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Transcriptional response of primary hippocampal neurons following exposure to 3.0 GHz radiofrequency electromagnetic fields

Abstract

Exposure to radiofrequency (RF) electromagnetic fields (EMF) has been associated with the modulation of neuronal electrophysiology and synaptic plasticity. Given the potential of these changes to coincide with alterations in gene expression, this study investigated whether a transcriptional response would occur in neurons following exposure to RF-EMF, under both thermal and nonthermal conditions. Rat primary hippocampal neurons (PHNs) underwent either a single (one-time) or a multiple (3-times, once a day) exposures to RF-EMF (3.0 GHz, CW) at two different mean specific absorption rate (SAR) values of 0.57 W/kg or 5.91 W/kg, which induced a temperature change (ΔT °C) of approximately 0.3°C or 3.6°C, respectively. Alteration in transcription in the RF-EMF-exposed PHNs versus the sham counterparts was assessed at 0, 4, and 24 h postexposure via high-throughput RNA sequencing using Illumina HiSeq. 2000. A total of 20 differentially expressed genes (DEGs) exhibited significant upregulation due to RF-EMF exposure, observed only with the high SAR dose that induced a thermal rise. However, the expression of these DEGs was not significant at 24 h postexposure. Our findings confirmed a lack of nonthermal effects on gene expression under low RF-EMF exposure conditions as evaluated. Additionally, the results indicated a slight thermal effect of exposures at the dose nearing the standards threshold of 4 W/kg; however, the effect appeared to be transient. The study suggests that RF-EMF exposures at a level close to the standards threshold, despite inducing mild temperature elevations (i.e., 3–5°C above normal), would not trigger biologically critical cellular changes.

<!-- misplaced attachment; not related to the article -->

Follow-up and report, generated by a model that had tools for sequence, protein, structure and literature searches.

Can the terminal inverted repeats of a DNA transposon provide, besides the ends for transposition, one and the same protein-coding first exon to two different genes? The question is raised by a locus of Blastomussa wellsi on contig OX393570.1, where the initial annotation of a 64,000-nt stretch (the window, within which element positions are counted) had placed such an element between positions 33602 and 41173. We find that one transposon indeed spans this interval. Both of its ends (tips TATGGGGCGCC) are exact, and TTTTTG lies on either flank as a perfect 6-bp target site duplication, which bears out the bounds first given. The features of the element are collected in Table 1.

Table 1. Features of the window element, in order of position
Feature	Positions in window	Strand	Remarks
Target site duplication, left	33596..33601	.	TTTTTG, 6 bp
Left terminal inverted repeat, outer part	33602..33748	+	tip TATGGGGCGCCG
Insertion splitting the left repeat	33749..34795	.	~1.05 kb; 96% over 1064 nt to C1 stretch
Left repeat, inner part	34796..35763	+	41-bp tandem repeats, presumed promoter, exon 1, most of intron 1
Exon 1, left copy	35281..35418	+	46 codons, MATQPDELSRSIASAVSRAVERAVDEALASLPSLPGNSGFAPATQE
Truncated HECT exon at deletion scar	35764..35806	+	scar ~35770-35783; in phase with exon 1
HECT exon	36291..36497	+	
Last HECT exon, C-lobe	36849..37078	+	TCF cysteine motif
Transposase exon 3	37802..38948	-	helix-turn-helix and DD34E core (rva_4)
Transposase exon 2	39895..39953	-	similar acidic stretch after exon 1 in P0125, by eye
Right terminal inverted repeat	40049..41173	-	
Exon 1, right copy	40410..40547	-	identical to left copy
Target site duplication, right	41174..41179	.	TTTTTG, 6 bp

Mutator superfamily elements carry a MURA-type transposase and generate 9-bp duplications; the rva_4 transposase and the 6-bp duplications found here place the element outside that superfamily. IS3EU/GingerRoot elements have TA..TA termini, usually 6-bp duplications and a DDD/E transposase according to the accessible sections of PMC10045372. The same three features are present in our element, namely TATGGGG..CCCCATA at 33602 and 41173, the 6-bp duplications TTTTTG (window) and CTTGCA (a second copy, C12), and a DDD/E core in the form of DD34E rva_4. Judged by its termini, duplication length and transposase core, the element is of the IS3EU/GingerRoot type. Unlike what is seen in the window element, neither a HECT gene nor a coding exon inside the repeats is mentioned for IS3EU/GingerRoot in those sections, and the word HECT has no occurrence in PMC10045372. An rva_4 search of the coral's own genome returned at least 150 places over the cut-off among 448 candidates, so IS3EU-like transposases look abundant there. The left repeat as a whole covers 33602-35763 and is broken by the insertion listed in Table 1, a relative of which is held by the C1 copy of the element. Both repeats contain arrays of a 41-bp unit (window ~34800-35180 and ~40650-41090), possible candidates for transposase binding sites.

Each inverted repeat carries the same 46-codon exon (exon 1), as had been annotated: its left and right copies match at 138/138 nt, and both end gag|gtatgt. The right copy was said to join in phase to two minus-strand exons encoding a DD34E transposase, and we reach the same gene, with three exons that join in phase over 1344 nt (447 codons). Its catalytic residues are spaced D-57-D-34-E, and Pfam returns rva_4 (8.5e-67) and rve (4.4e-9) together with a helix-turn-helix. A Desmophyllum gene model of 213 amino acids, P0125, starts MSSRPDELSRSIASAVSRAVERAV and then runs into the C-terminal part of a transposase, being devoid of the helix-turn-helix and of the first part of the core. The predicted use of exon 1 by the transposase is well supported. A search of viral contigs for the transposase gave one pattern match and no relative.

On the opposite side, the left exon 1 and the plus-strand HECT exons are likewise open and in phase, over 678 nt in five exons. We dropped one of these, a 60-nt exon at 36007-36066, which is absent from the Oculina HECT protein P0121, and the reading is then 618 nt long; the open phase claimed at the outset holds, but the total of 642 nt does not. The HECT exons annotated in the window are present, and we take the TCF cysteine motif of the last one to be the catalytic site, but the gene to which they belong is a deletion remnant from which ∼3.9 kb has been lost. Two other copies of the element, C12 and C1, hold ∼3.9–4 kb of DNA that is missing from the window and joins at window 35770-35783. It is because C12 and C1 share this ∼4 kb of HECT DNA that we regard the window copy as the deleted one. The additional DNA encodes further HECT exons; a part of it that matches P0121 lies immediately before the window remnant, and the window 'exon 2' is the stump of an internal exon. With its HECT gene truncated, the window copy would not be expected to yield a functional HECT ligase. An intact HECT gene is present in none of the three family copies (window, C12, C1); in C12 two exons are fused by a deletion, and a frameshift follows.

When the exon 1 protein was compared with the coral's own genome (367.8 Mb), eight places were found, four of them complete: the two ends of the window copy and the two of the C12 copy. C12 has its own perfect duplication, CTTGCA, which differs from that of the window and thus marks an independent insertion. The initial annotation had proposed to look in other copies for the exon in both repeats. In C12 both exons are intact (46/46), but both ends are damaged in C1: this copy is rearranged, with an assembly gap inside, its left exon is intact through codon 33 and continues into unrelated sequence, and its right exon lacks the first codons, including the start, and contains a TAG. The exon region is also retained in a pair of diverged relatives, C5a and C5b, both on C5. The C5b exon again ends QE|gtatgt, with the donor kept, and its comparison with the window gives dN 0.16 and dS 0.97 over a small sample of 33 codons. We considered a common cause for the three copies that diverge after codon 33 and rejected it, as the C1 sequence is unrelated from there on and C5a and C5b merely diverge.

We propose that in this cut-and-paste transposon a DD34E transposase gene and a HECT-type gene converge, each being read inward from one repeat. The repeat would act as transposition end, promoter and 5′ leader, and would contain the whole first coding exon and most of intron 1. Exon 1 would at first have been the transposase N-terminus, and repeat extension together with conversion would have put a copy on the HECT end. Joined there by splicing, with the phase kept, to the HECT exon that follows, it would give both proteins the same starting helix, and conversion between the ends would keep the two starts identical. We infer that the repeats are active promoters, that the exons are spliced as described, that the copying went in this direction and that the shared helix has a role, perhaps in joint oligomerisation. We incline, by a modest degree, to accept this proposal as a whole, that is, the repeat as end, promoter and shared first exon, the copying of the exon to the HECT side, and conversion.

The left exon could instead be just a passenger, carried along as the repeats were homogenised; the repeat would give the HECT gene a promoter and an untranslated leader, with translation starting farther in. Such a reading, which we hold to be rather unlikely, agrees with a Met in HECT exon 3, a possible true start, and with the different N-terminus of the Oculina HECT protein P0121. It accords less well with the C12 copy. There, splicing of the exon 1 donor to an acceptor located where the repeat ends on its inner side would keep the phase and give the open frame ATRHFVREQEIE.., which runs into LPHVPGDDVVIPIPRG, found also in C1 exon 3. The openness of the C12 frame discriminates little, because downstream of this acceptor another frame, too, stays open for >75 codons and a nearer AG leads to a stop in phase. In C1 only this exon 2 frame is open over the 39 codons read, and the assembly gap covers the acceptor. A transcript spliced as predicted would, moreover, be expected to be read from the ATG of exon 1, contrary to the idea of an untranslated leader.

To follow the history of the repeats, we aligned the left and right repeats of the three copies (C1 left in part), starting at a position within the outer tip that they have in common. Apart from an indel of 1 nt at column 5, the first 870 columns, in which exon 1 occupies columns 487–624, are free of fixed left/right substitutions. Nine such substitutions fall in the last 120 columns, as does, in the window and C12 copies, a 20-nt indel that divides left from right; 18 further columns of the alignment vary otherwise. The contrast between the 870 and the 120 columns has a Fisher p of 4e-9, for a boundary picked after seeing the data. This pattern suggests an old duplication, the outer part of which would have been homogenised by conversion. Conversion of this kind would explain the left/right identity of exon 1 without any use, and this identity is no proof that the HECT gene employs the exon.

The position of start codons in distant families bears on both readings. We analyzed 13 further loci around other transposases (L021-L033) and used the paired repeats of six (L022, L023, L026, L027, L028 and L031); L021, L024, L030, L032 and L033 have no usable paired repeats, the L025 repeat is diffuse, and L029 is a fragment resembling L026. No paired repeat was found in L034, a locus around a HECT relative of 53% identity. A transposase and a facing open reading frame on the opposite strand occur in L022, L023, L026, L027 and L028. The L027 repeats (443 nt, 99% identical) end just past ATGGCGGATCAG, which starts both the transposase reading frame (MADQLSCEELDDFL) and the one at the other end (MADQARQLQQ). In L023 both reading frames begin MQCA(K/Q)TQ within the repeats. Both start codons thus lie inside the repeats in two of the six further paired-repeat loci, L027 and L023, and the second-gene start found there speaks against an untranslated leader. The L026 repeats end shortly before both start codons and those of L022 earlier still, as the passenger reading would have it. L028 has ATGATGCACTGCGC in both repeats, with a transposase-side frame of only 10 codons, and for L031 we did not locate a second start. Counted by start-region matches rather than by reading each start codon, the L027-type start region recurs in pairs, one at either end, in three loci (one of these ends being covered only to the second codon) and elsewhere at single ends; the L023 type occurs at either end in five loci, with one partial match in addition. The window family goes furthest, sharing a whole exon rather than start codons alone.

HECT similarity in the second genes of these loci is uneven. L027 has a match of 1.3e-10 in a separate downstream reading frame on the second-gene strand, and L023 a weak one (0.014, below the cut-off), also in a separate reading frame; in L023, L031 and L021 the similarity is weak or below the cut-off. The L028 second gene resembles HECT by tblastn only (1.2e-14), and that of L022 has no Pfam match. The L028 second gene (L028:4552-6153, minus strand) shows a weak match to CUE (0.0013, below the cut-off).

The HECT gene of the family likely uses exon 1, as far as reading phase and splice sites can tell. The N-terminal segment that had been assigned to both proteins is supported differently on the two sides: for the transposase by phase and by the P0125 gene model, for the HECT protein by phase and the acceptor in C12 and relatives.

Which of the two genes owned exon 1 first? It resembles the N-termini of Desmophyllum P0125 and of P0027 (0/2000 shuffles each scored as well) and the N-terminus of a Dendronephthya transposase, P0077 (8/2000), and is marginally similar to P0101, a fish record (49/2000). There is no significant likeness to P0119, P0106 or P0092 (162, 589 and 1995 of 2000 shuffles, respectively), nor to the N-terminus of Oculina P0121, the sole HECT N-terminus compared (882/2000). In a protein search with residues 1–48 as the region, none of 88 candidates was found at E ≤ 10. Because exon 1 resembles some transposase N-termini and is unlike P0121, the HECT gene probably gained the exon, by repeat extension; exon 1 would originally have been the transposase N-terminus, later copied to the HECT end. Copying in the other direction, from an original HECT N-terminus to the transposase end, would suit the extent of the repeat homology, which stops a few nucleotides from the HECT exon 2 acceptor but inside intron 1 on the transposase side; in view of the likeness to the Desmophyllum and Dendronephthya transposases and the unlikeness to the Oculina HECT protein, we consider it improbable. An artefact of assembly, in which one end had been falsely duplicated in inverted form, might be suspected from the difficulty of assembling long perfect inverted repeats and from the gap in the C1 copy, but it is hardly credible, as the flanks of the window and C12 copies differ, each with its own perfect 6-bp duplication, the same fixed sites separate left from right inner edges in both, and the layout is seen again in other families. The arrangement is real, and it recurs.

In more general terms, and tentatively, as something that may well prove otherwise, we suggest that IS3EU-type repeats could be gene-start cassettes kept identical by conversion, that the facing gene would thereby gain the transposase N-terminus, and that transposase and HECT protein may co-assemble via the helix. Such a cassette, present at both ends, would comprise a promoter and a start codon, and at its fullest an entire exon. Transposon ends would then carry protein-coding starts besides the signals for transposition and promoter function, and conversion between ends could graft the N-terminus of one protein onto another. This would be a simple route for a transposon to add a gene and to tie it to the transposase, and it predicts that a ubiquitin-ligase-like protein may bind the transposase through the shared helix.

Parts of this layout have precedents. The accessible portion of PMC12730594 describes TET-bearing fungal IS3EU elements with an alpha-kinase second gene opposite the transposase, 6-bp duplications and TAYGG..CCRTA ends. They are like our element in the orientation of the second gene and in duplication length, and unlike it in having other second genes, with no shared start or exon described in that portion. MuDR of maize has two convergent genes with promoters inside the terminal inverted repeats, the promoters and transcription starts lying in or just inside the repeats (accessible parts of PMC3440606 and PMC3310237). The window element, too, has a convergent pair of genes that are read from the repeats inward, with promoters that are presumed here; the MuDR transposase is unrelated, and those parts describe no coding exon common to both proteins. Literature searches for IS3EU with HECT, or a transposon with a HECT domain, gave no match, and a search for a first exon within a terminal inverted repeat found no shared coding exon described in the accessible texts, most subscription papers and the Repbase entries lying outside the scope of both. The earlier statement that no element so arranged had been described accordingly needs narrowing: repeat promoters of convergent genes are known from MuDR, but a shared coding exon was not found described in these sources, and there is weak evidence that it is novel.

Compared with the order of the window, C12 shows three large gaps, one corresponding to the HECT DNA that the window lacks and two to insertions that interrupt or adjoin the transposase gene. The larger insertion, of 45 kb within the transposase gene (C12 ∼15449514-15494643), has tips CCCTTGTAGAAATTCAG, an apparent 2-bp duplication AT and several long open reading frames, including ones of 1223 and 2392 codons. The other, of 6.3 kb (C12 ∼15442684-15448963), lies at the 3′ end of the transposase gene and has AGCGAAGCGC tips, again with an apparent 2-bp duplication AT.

Bioelectromagnetics, EarlyView.  

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Abstract

Exposure to radiofrequency (RF) electromagnetic fields (EMF) has been associated with the modulation of neuronal electrophysiology and synaptic plasticity. Given the potential of these changes to coincide with alterations in gene expression, this study investigated whether a transcriptional response would occur in neurons following exposure to RF-EMF, under both thermal and nonthermal conditions. Rat primary hippocampal neurons (PHNs) underwent either a single (one-time) or a multiple (3-times, once a day) exposures to RF-EMF (3.0 GHz, CW) at two different mean specific absorption rate (SAR) values of 0.57 W/kg or 5.91 W/kg, which induced a temperature change (ΔT °C) of approximately 0.3°C or 3.6°C, respectively. Alteration in transcription in the RF-EMF-exposed PHNs versus the sham counterparts was assessed at 0, 4, and 24 h postexposure via high-throughput RNA sequencing using Illumina HiSeq. 2000. A total of 20 differentially expressed genes (DEGs) exhibited significant upregulation due to RF-EMF exposure, observed only with the high SAR dose that induced a thermal rise. However, the expression of these DEGs was not significant at 24 h postexposure. Our findings confirmed a lack of nonthermal effects on gene expression under low RF-EMF exposure conditions as evaluated. Additionally, the results indicated a slight thermal effect of exposures at the dose nearing the standards threshold of 4 W/kg; however, the effect appeared to be transient. The study suggests that RF-EMF exposures at a level close to the standards threshold, despite inducing mild temperature elevations (i.e., 3–5°C above normal), would not trigger biologically critical cellular changes.

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Transcriptional response of primary hippocampal neurons following exposure to 3.0 GHz radiofrequency electromagnetic fields

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